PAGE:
Democrats in Congress are working to pass legislation that would protect reproductive freedom, which is under repeated attack in Wisconsin, Texas and other states four decades after the Supreme Court affirmed a woman’s right to choice in Roe v. Wade.
In mid-November, U.S. Sens. Tammy Baldwin, Richard Blumenthal and Barbara Boxer and Reps. Judy Chu, Maria Fudge and Lois Frankel introduced the Women’s Health Protection Act of 2013 “to protect a woman’s right to determine whether and when to bear a child or end a pregnancy by limiting restrictions on the provision of abortion services.”
With 32 co-sponsors in the Senate and 67 co-sponsors in the House, WHPA was proposed just days before the U.S. Supreme Court declined to intervene in a legal dispute over a law that has forced a third of Texas’ abortion clinics to close. The measure requires doctors who perform abortions to have admitting privileges at a nearby hospital. No more than 20 clinics were able to meet the new standard, which means that some women must travel hundreds of miles to obtain an abortion in Texas. And all of the facilities that remain open are in metropolitan areas, leaving none in the Rio Grande Valley along the border with Mexico.
The Texas law on admitting privileges was part of a package of abortion restrictions that the GOP-controlled Legislature passed over the summer after Gov. Rick Perry called a special session. The restrictions, which are among the toughest in the nation, gained notoriety when Democratic state Sen. Wendy Davis launched a nearly 13-hour filibuster against them in June.
Two other states that are enforcing laws on admitting privileges are Tennessee and Utah. Courts have temporarily halted similar laws in Wisconsin, as well as in Alabama, Kansas, Mississippi and North Dakota.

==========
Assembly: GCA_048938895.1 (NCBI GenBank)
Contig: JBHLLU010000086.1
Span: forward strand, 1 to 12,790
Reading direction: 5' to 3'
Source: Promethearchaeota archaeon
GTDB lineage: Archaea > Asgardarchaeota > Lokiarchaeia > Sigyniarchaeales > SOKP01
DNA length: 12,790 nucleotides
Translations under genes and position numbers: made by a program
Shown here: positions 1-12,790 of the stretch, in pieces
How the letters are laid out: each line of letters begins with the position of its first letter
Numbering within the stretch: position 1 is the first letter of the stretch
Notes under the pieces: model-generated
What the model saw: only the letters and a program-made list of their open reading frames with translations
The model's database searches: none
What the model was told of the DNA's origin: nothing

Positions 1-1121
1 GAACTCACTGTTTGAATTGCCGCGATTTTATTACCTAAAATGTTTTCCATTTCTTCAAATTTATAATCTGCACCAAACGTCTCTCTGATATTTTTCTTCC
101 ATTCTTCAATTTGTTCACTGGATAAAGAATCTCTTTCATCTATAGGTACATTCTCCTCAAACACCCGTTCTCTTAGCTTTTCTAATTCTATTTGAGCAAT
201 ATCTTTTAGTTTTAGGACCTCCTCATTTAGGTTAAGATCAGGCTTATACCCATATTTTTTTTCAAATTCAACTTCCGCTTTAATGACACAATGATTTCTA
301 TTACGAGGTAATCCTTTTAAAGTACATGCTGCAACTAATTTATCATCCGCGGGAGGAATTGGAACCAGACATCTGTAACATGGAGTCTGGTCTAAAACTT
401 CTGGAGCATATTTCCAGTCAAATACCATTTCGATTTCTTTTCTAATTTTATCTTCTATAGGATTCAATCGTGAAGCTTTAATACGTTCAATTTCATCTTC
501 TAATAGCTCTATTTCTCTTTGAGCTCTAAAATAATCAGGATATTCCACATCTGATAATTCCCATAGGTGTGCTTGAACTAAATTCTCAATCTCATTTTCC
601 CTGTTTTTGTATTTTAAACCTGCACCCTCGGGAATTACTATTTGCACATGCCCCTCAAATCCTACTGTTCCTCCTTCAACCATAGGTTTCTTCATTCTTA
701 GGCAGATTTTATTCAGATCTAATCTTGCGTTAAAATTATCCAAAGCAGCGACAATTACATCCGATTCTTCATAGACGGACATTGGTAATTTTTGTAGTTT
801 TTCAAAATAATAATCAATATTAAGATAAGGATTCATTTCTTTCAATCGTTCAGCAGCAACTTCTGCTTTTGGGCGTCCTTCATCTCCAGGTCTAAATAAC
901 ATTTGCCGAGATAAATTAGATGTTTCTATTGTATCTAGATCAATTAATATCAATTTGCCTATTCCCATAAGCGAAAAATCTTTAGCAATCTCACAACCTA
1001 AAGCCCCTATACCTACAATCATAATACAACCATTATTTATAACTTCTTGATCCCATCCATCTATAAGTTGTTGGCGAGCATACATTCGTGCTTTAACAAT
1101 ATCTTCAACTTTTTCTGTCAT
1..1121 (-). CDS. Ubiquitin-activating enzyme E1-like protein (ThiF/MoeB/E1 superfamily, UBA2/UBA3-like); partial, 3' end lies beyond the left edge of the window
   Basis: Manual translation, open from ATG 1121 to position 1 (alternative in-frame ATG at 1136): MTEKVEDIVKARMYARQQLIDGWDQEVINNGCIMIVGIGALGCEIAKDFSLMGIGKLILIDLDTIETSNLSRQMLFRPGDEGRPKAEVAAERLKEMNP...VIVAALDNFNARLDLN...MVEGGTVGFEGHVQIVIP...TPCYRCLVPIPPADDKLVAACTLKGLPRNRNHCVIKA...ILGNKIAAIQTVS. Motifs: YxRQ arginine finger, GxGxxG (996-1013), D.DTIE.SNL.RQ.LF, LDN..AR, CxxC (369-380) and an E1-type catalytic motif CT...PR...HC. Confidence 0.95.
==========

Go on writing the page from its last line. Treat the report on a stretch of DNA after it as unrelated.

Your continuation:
Baldwin, announcing the introduction of WHPA, said, “In Wisconsin and in states across the country, politicians have been standing between women and their doctors, restricting the choices women can make regarding their own reproductive health.”
Planned Parenthood of America has reported that in recent years more than 160 restrictions on access to abortions have passed in 30 states, including more than 40 new restrictions this year aone.
“Around the country, women are subjected to onerous waiting periods and forced to listen to medically inaccurate claims about their choices,” said Ilyse Hogue, president of NARAL Pro-Choice America. “Abortion clinics are targeted for unnecessary and burdensome requirements designed to shut them down for good. In some states, outright bans challenge the very foundation of the Roe decision and force the will of politicians into women’s private decisions.”
In Wisconsin, Republican Gov. Scott Walker has signed nine measures intended to restrict women’s access to health care.
“It is clear that we need federal protection from these unwarranted intrusions into our personal health care decisions,” said Eve Galanter of Wisconsin Women’s Network, which endorsed WHPA in mid-November.
Other advocates of WHPA in Wisconsin include the American Association of University Women of Wisconsin, Wisconsin Alliance for Women’s Health, Wisconsin Family Planning and Reproductive Health Association and Planned Parenthood Advocates of Wisconsin.
“Sen. Baldwin’s legislation would make it unlawful for politicians to interfere with women’s personal health care decisions,” said Tanya Atkinson, executive director of Planned Parenthood Advocates of Wisconsin. “This bill would ensure that a woman’s freedoms don’t depend on her ZIP code.”
Baldwin — who defeated Tommy Thompson in 2012 to become the first openly gay person elected to the Senate — said, “I am proud to stand up to these attacks on women’s freedoms.
. . . Every American woman deserves the freedom to exercise her constitutional rights by making personal health decisions with a trusted doctor and without political interference.”
AP contributed to this report
Albuquerque voters reject late-term abortion ban
In a closely watched, first-of-its kind election, voters in New Mexico’s largest city have soundly defeated a ban on late-term abortions.
Voters on Nov. 19 rejected the measure 55 percent to 45 percent following an emotional and graphic campaign that brought in national groups and hundreds of thousands of dollars in advertising. The campaign included protests that compared abortion to the Holocaust and displayed pictures of aborted fetuses.
A coalition of groups, including the American Civil Liberties Union of New Mexico and Planned Parenthood, called the results a huge victory for Albuquerque women and families.
Activists on both sides said it was the first municipal ballot measure on the matter.